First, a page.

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Title: Primary biological controls on UK lower namurian shale gas prospectivity : a step towards understanding a major potential UK unconventional gas resource
Author: Koenitzer, Sven Fred
ISNI:       0000 0004 5350 8756
Awarding Body: University of Leicester
Current Institution: University of Leicester
Date of Award: 2014
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Deep-water mudstones from ancient epicontinental settings are significant repositories for organic matter, but the primary controls underpinning the amount and type of organic matter preserved in these basins have not been examined. Comprehensive analysis of late Mississippian mudstones from the Widmerpool Gulf, UK, was undertaken using thin section analysis, bulk rock geochemistry (total organic carbon (TOC), δ[superscript 13]C[subscript org], Rock-Eval), palynofacies typing, sporomorph counts, δ[superscript 13]C of isolated organic matter fractions and gas-chromatography of extracted n-alkanes and kerogen pyrolysates. Late Mississippian mudstones, deposited across central and northern England, are known oil and gas source rocks but also represent important onshore exploration targets for shale gas. Using these data, the processes that delivered and buried organic matter during glacio-eustatic sea-level cycles are interpreted. During sea-level lowstands, thin-bedded silt-bearing clay-rich mudstones with up to 4.1% TOC (average=2.3±0.8%; mean δ[superscript 13]C[subscript org]=–28.2±1.0‰) are intercalated with graded silt-bearing mudstones and sand-bearing silt-rich mudstones (average TOC=1.7±0.6%; mean δ[superscript 13]C[subscript org]=–26.2±0.7‰). The clay-rich mudstones contain significant proportions of a granular translucent type of amorphous organic matter (AOMGr), comprising algal material and bacteria, and were deposited via dilute turbidity flows and hemipelagic settling of flocculated organo-mineralic material. The intervening coarser facies contain significant land plant-material deposited via intermittent sediment density currents. Kerogen composition varies between type II and III. During sea-level highstands, thin-bedded carbonate-bearing mudstones are the dominant facies, with up to 6.6% TOC (average=4.6±1.3%; mean δ[superscript 13]C[subscript org]=–28.5±0.9‰). Hemipelagic suspension settling was the main depositional process. These mudstones are rich in AOM[subscript Gr] which was abundant due to high bioproductivity in the water column; kerogen is consistently of type II. Mudstones accumulated during sea-level highstands represent the best potential targets for thermogenic shale gas. This study explains the systematic biological and sedimentary mechanisms for the delivery and preservation of organic matter in such prospective intervals.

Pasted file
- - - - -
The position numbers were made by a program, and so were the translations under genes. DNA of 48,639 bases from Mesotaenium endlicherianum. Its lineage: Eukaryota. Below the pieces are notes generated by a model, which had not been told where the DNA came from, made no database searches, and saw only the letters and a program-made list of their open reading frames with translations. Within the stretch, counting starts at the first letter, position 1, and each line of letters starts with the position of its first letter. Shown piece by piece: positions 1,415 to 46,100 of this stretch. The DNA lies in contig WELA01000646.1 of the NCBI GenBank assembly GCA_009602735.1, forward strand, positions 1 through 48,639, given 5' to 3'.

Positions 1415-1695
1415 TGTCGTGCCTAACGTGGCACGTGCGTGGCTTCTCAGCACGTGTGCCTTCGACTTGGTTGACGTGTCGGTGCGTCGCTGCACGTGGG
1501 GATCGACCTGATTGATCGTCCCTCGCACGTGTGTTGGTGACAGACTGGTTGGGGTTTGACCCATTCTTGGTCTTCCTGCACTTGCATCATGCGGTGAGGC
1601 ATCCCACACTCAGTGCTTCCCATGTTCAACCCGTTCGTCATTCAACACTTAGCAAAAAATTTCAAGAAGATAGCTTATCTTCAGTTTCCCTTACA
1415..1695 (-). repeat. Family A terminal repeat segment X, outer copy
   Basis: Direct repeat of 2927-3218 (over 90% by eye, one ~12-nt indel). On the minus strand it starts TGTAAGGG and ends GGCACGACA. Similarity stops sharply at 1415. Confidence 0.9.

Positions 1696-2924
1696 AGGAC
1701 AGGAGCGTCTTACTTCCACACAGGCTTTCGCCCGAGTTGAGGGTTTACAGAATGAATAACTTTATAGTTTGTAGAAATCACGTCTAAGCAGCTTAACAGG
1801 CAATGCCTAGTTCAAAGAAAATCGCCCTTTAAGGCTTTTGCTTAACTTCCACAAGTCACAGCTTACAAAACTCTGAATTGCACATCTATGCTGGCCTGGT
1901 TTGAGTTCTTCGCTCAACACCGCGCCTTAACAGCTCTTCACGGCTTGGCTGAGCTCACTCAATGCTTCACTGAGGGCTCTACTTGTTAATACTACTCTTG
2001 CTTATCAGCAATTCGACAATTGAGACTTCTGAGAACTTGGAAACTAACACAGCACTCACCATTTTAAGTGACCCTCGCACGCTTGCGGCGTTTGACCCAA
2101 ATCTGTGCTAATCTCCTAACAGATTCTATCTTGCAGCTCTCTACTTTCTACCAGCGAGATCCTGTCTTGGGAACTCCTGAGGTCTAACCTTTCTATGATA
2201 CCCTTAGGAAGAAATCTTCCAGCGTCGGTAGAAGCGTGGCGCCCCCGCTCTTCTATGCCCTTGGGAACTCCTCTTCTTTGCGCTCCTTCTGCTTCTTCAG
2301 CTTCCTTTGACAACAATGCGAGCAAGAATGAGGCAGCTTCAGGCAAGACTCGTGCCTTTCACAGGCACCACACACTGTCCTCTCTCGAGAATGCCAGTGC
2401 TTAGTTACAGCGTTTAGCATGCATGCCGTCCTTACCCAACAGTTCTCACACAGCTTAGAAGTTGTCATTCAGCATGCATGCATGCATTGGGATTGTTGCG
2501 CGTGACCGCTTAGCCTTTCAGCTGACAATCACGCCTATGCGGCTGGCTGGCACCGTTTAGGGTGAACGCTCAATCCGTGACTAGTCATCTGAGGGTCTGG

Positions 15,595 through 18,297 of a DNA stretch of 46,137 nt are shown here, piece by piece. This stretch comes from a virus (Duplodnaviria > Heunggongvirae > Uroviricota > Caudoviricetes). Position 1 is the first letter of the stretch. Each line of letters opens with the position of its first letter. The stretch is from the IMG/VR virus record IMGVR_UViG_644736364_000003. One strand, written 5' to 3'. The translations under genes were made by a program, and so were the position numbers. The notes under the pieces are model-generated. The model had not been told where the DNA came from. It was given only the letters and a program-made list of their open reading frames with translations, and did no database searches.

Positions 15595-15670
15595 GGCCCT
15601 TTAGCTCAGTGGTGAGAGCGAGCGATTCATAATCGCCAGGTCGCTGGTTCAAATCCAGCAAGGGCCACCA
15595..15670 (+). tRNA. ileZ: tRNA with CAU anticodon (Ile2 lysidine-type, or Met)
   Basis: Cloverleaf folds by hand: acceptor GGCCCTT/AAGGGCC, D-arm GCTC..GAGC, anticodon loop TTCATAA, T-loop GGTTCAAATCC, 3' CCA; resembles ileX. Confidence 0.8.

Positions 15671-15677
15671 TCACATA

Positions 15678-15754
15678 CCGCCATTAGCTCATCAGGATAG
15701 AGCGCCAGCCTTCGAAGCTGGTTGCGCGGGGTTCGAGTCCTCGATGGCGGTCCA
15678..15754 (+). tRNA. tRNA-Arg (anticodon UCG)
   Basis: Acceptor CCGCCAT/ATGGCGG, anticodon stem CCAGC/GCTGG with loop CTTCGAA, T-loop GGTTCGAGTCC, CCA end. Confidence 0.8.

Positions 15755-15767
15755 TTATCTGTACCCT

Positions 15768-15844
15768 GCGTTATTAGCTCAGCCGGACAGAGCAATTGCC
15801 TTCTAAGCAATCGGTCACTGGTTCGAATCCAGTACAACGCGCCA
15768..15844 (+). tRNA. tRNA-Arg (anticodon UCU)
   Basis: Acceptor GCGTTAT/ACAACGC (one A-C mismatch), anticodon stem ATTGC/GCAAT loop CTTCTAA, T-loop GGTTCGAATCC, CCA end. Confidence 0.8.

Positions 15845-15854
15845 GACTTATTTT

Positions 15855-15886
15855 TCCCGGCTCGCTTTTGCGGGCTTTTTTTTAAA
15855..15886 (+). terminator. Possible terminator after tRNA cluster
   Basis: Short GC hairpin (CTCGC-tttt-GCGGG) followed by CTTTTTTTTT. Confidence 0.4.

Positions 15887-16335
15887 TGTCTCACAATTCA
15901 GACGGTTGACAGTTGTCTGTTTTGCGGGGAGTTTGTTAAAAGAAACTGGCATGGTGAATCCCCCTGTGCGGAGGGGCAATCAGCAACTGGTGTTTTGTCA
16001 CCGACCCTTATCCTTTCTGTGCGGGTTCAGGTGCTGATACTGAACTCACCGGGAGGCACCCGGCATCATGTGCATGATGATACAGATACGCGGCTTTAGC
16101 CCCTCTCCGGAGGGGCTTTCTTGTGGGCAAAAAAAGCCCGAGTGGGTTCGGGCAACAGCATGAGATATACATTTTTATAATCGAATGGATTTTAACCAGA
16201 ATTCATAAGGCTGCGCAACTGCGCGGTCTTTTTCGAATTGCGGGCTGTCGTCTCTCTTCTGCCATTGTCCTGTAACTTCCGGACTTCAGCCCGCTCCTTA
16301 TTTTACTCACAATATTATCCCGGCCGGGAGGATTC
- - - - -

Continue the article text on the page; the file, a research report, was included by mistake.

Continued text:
Supervisor: Davies, Sarah; Gabbott, Sarah Sponsor: Not available
Qualification Name: Thesis (Ph.D.) Qualification Level: Doctoral
EThOS ID:  DOI: Not available